Through days like this interview day, surveys written by the Haas team, and the incredible support from Seva and PLLEH staff, the IBD project came alive. The Haas team used the data and primary research to think through eye care patients’ needs and wants and provided dynamic recommendations to PLLEH. Seva will continue to engage the Haas team over the coming year and Haas wishes PLLEH the best in making additional outreach and operational efforts to better position the hospital to care for more patients.

OPTION A:

*Diagram of PLLEH Hospital

OPTION B:

*Diagram of PLLEH Hospital

*Diagram of PLLEH Hospital

IBD Blog “Dois dias no Brasil”

By Varstation Team Member, Dakota Campbell, MBA Candidate 2020

São Paulo Skyline

São Paulo Skyline

As a relatively inexperienced international traveler, I did not know what to expect when signing up for IBD other than that I’d stretch myself personally. As I was assigned to team Varstation in São Paulo, Brazil, I was excited to visit a country to which I had never been, but that my Brazilian classmates spoke highly of. After spending 3 weeks in country working with my Haas classmates and the Varstation team, I can certainly confirm that it was a transformative experience. Week days working in the office with the Varstation team and weekends exploring Brazil with my classmates both contributed immensely to the experience in unique ways. Profiling a “typical” week day and our shared weekend in Rio will paint the most complete picture of the Brazilian IBD experience.

Example of student deliverableWeek Day

The work days typically began with 6:15am alarm to rattle us out of our comfortable hotel beds. I’d fumble around the room for clothes and brush my teeth before heading upstairs to the hotel gym for a team workout! Depending on the adventures of the night before, team participation varied but was a great way to start each day. Afterwards, we’d all run downstairs to shower and hustle out the door for Starbucks on the way in to the office – a 20-minute cab ride from our hotel. Side note: we appeared the most American at Starbucks via our iced coffee or café filtrado orders as all the locals drink espresso-based drinks!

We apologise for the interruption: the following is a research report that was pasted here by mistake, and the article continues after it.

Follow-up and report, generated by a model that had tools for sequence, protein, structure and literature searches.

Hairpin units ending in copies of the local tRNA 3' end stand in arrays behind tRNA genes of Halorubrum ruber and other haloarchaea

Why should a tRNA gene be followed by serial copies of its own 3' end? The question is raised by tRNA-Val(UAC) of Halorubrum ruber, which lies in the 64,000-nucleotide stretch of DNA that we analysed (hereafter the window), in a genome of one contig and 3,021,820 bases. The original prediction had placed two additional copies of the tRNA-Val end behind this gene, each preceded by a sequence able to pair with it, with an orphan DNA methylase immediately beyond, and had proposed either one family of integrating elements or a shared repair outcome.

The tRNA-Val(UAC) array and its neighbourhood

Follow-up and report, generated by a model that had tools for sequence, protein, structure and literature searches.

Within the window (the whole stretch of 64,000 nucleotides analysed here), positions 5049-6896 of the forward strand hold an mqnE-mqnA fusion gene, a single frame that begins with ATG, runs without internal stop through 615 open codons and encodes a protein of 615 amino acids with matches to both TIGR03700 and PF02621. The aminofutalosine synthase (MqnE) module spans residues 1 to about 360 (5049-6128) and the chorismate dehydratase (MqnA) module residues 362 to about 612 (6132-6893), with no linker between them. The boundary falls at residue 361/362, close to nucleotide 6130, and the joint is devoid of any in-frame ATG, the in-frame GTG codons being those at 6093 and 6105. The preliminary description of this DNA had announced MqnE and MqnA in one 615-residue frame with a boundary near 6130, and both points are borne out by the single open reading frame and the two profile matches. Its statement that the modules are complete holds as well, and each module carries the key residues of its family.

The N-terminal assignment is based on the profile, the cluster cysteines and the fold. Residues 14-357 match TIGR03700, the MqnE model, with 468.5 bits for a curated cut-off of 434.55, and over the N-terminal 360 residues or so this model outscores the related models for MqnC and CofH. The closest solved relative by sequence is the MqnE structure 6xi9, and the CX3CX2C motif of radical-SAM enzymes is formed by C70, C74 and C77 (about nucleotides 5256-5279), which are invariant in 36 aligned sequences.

IBD/Varstation final presentation

IBD/Varstation final presentation

Our client, Varstation, is a genetic analysis software company that is in the process of spinning out of the prestigious Albert Einstein hospital in Brazil. Our office was located within an incubator that serves as a satellite office for the various companies the hospital is incubating in the Vila Mariana neighborhood. The Varstation team was gracious enough to carve out a conference room for us to set up shop for three weeks to finish all the deliverables we had been working towards over the semester.

IBD Touring Albert Einstein Hospital’s Sequencing Lab

IBD Touring Albert Einstein Hospital’s Sequencing Lab

You can’t have IBD without the work, so what did we actually work on? Our three main deliverables for the project were a spinoff playbook, market prioritization, and competitive audit. The spinoff playbook delivered best practices, case studies, and a synthesis of critical success factors across financing, governance, leadership structure, and business strategy. Market prioritization distilled down many factors including total healthcare spend, genetic analysis competition, market growth, etc. across ~26 different global markets to determine where Varstation could best expand in the near to mid term beyond Brazil. The competitive audit profiled four key competitors in the genomic space to provide Varstation with a competitive intelligence report. This report enables Varstation to more effectively compete by seeing services that are offered by everyone, what they do better or worse than others in the industry, how their value proposition stacks up, etc. Since the Varstation team is primarily comprised of computer engineers / coders working towards building their software, these higher-level business strategy documents were far beyond the scope of their daily activities and created value by more concretely guiding their business at it continues to take shape.

Our IBD team was usually in the office from ~9am to 630pm working towards these deliverables. We’d grab lunch at any one of several local eateries for lunch with many Varstation team members. This break for lunch is an integral part of Brazilian culture, as they can often take upwards of 90 minutes – a stark contrast to eating lunch at my desk as I was used to in the states. Our favorite destination was the “boteco”, a Brazilian staple that is a mix of a local café, corner store, and diner. Lunches were heavier than I was accustomed to, ranging from chicken parmigiana to a huge “corner” omelet, all served with rice, beans, and French fries.